PS - regarding the amputees, that's a great point. My aunt had no legs. I used to tell my cousins all the time, "You should take her to a faith healer." But we'd laugh because we knew they had screeners and of course someone with a real physical disability would NEVER be allowed on the stage. . .

The Count

Don't forget the motivations for belief in god and/or religion. Frankly, I think many have already reasoned the inconsistencies out... it's their fears that cause them to act irrationaly. We need to use reason to overcome their fears.

The big one is fear of death, and believers fervently believe they are cheating death by moving from this world to heaven, paradise, valhalla, hades or whatever... forever and ever. That's probably the toughest one to overcome because atheism offers no satisfying replacement and fear of death could be considered as strong as any phobia. It can even explain how otherwise devout people can commit murder, while I (besides the obvious reasons) also abhor the thought because I know that life is precious, short lived and non-replaceable. Frankly, I think "hell" was a great invention because it extends religious control to allegedly "bad" people... they still get to live forever and so to a degree will toe the line and support policies and politics of their religios affiliation.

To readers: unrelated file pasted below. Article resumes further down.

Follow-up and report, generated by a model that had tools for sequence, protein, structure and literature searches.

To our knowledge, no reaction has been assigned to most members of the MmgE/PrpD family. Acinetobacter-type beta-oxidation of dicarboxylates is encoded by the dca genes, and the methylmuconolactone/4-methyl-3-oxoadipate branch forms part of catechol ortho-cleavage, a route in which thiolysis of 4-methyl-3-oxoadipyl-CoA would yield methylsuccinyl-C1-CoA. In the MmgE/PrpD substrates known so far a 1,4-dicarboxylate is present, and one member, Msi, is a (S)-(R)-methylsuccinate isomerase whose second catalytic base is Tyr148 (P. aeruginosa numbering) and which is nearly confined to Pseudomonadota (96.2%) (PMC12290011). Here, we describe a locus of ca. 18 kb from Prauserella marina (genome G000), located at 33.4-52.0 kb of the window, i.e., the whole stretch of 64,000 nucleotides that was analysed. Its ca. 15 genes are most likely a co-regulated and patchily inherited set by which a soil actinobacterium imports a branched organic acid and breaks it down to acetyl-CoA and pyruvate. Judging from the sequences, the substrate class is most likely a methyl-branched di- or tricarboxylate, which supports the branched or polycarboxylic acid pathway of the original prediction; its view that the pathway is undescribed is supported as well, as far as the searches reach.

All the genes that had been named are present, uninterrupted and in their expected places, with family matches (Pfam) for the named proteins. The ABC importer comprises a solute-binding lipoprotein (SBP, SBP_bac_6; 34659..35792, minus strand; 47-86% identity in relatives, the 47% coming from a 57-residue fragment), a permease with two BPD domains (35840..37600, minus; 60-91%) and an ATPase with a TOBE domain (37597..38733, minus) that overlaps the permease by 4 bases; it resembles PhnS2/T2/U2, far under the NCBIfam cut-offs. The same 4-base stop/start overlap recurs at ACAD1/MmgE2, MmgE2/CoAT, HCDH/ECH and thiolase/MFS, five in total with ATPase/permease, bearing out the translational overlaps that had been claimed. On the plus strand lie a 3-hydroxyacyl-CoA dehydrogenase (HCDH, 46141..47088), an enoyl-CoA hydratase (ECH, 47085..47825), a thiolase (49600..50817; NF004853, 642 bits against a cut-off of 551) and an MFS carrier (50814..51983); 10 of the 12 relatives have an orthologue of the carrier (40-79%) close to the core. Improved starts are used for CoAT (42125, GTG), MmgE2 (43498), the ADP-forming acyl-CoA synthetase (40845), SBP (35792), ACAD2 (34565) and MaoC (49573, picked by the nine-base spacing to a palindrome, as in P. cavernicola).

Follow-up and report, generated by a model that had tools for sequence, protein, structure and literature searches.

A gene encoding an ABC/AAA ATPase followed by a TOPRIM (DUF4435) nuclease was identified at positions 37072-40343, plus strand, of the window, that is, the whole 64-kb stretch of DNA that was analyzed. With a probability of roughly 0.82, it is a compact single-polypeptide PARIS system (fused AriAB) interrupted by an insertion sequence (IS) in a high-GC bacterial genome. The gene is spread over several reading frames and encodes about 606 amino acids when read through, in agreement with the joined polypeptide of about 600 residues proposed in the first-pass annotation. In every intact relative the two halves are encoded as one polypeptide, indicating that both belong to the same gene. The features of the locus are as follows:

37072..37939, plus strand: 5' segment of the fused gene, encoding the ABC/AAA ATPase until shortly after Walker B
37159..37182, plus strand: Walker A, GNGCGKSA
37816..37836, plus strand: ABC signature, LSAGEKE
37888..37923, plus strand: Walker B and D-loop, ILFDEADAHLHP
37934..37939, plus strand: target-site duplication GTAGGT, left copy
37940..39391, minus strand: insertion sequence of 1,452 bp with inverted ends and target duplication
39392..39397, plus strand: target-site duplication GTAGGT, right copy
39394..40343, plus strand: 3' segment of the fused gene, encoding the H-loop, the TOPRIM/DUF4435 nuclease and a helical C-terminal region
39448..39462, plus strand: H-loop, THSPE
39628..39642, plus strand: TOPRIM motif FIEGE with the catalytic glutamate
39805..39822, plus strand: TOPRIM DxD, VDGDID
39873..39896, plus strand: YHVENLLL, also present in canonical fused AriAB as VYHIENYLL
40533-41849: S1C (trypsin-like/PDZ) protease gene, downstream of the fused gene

The next one, I think, is the crutch that belief offers. Frankly, there's a lot of people out yonder who should seek therapy, and the stress of modern day life just makes it worse. Some poeple decide to stand up on their own, to accept responsibility and or blame, while others are simply not capable of it and it is too convenient to blame "bad things" on an external entity, and it is also convenient to think that this otherwise callous seeming entity will listen to your prayers and treat you differently... for no other reason than you are you. What these folks need is a BA (Believer's Anonymous... hmmm, isn't that an oxymoron!).

The last example could simply be the brainwashing, since childhood, that causes people to fear their particular god. This is out and out scare mongering which ranges from being blasted by a bolt of lightning to witholding the goodies after death. Frankly this is the most repognant aspect as is nothing more than wanton mind control and religion/sects sure love their mind control.

BTW, I apologise for stating the obvious. :)


Really nice piece and I enjoyed the honest, pleasant delivery as opposed to most "angry atheist" rants.